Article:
BTW, I believe that testimony which Aza or Robel might provide about their friend’s “demeanor after the bombing” is a meaningless red herring. Yes, Dzhokhar socialized, as he normally did, and probably used drugs and/or alcohol (also normal). He also did an unusual amount of sleeping, and a mechanic who saw him on Tuesday said he seemed nervous. (Well, he had just survived being very close to a large explosion.) So… “Nervous? Must be guilty. Normal? Guilty and callous.” Every smile a smirk. What, exactly, was he supposed to be doing?

Coerced, False Confessions. Thank you Jane for the link to this article, which quotes one of the Phillipos jurors as saying that Robel’s confession “was very powerful proof for her and the other 11 jurors.”

Ignorance is bliss. Back in April 2013, I too assumed that if Dzhokhar confessed, he must be guilty. I’ve learned a few pertinent facts since then.

The Innocence Project has documented 321 people who were convicted, sometimes sentenced to death, only to be later exonerated with DNA testing. (The overwhelming majority of these cases involved African American suspects.) IP states: “False confessions and incriminating statements lead to wrongful convictions in approximately 27% of cases. Looking only at the homicide cases, false confessions are the leading contributor to wrongful convictions, contributing to 64 (62%) of the 104 homicide wrongful convictions that were overturned by DNA evidence.”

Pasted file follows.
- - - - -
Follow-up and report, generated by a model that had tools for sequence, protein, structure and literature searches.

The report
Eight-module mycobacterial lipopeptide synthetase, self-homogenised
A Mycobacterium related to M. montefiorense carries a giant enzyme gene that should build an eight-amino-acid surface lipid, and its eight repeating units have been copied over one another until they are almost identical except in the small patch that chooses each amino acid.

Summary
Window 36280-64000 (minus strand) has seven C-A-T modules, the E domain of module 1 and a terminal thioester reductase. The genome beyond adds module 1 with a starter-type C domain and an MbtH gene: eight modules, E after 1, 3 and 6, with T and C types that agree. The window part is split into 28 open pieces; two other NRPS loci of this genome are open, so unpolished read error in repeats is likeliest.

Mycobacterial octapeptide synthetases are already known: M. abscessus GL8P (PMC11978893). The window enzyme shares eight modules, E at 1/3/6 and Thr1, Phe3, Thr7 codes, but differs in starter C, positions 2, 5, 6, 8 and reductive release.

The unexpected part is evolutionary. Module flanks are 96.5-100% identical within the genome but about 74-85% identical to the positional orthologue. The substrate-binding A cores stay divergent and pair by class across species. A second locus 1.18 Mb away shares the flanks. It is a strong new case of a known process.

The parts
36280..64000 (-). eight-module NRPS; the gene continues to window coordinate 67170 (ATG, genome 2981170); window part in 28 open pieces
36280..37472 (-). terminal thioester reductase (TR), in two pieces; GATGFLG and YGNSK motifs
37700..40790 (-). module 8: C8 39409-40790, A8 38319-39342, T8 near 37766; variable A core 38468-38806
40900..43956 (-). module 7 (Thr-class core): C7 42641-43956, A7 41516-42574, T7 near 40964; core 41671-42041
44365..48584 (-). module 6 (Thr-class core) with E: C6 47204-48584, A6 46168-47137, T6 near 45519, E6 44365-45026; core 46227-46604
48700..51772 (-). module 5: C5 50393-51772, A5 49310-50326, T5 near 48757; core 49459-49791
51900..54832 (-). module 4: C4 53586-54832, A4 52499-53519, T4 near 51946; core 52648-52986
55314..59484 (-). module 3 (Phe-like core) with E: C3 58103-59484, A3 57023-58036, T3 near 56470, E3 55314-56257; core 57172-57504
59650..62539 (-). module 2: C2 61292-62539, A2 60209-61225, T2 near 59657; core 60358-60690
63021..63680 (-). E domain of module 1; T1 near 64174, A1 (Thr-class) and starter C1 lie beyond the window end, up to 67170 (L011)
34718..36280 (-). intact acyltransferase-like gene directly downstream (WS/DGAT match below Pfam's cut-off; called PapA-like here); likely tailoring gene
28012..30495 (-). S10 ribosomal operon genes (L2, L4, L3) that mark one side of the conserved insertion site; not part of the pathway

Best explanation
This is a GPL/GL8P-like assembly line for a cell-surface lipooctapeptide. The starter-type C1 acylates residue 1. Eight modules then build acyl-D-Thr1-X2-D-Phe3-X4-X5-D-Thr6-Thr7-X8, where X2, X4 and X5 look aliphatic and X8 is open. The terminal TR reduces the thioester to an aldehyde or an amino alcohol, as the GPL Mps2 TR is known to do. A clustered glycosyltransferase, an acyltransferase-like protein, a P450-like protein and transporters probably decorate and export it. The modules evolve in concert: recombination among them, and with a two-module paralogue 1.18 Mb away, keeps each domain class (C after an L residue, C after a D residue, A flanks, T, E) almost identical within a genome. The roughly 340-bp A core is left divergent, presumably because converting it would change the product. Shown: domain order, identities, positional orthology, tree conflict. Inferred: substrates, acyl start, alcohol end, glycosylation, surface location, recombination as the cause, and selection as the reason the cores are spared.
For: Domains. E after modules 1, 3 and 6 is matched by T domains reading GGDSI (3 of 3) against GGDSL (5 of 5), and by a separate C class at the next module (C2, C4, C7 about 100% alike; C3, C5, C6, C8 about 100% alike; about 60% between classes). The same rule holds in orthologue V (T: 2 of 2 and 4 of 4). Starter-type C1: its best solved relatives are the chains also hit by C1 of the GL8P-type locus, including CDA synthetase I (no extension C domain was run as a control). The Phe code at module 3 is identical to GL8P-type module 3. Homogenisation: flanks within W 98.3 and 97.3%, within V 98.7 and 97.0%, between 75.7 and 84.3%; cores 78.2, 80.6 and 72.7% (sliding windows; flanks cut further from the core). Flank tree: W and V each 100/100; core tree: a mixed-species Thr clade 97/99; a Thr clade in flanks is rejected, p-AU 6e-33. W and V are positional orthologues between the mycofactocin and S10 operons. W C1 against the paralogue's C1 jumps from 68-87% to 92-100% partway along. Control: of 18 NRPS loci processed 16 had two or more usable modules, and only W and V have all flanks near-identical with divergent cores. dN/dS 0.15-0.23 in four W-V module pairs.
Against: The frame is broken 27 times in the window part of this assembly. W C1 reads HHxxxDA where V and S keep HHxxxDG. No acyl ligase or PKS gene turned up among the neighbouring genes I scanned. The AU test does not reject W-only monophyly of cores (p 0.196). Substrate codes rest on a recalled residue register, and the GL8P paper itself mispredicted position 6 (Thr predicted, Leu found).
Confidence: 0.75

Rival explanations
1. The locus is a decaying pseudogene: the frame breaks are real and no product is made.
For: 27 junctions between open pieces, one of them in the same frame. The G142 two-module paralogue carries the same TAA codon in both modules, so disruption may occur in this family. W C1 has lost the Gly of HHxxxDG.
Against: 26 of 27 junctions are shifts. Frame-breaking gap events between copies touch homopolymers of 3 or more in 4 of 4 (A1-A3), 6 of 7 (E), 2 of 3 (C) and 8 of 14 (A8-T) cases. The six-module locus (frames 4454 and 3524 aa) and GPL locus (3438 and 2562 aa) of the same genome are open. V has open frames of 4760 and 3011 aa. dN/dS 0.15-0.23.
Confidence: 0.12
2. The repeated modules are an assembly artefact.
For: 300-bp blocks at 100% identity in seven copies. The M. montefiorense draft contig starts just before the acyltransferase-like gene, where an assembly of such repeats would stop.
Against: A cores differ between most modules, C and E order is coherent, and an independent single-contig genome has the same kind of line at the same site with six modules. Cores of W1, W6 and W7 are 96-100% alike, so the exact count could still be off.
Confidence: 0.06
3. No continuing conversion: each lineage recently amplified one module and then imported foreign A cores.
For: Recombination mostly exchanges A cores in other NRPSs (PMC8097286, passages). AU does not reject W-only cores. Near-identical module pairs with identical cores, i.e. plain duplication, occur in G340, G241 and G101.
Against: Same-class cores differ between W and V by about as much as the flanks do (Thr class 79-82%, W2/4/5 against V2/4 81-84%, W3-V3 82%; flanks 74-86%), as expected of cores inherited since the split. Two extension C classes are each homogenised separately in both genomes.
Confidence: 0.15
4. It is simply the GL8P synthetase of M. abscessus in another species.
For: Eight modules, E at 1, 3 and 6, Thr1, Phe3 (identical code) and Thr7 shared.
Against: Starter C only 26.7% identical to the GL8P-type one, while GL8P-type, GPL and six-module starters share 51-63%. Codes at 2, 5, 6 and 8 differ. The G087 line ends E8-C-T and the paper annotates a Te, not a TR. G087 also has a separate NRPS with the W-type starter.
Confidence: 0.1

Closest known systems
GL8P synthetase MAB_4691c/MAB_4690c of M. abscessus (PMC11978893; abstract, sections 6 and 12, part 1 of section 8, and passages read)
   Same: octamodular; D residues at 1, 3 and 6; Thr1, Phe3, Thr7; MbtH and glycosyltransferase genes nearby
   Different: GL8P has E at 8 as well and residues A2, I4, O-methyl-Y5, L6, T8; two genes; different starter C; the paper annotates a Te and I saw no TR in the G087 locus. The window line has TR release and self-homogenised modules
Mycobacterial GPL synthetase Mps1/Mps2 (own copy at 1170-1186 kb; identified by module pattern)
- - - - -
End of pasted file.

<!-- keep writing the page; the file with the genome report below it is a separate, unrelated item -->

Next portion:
Police Chief Magazine says that false, coerced confessions are “rare,” but one of their sources estimated up to 840 per year. (Isn’t that too many?) They note that juveniles and people with mental limitations are especially vulnerable.

Conditions which can produce a false confession include: duress, coercion, intoxication, diminished capacity, sleep deprivation, manipulation, threats, denial of counsel, and failure to read Miranda rights.

Dzhokhar was interrogated by a team which uses military, not civilian, criteria. His requests for a lawyer were denied. He was sleep deprived, handcuffed, and dosed with Fentanyl, a narcotic 40 times more powerful than heroin. He wrote (sometimes incoherent) answers to questions. Those questions have not been provided for the defense counsel or jury’s inspection.

Robel was interrogated numerous times without a lawyer. A “good agent” offered to protect him from the “bad agents” waiting outside the door to hurt him. At the trial, one of the interrogating agents actually admitted his job is to “get confessions,” er, that is, “get at the truth.”

Missie Baker of TBMB writes “…the scenario most likely to lead to a false confession… occurs when the interrogator is convinced the individual is guilty.” Also: “The police may feed the suspect bits of information which (can then be) incorporated into a confession.”

This TBMB article also contains the tale of an innocent Muslim who made a false confession in the wake of 9/11. Among the reasons for his confession were threats to the safety of his family, which one cannot rule out in the case of Dzhokhar Tsarnaev. (Isn’t it odd that his interrogators led him to believe that his brother was still alive?)

IP, PCM and TBMB agree that ALL interrogations should be electronically recorded. The police magazine states that universal recording “is not only feasible, but may have an overall benefit to the criminal justice system.”

I’m sure that most police and most attorneys are honest and committed to justice. But our legal system can be abused, and often is … especially when the suspects are not rich, and not members of “favored” groups. And, most especially when the suspects are accused of terrorism.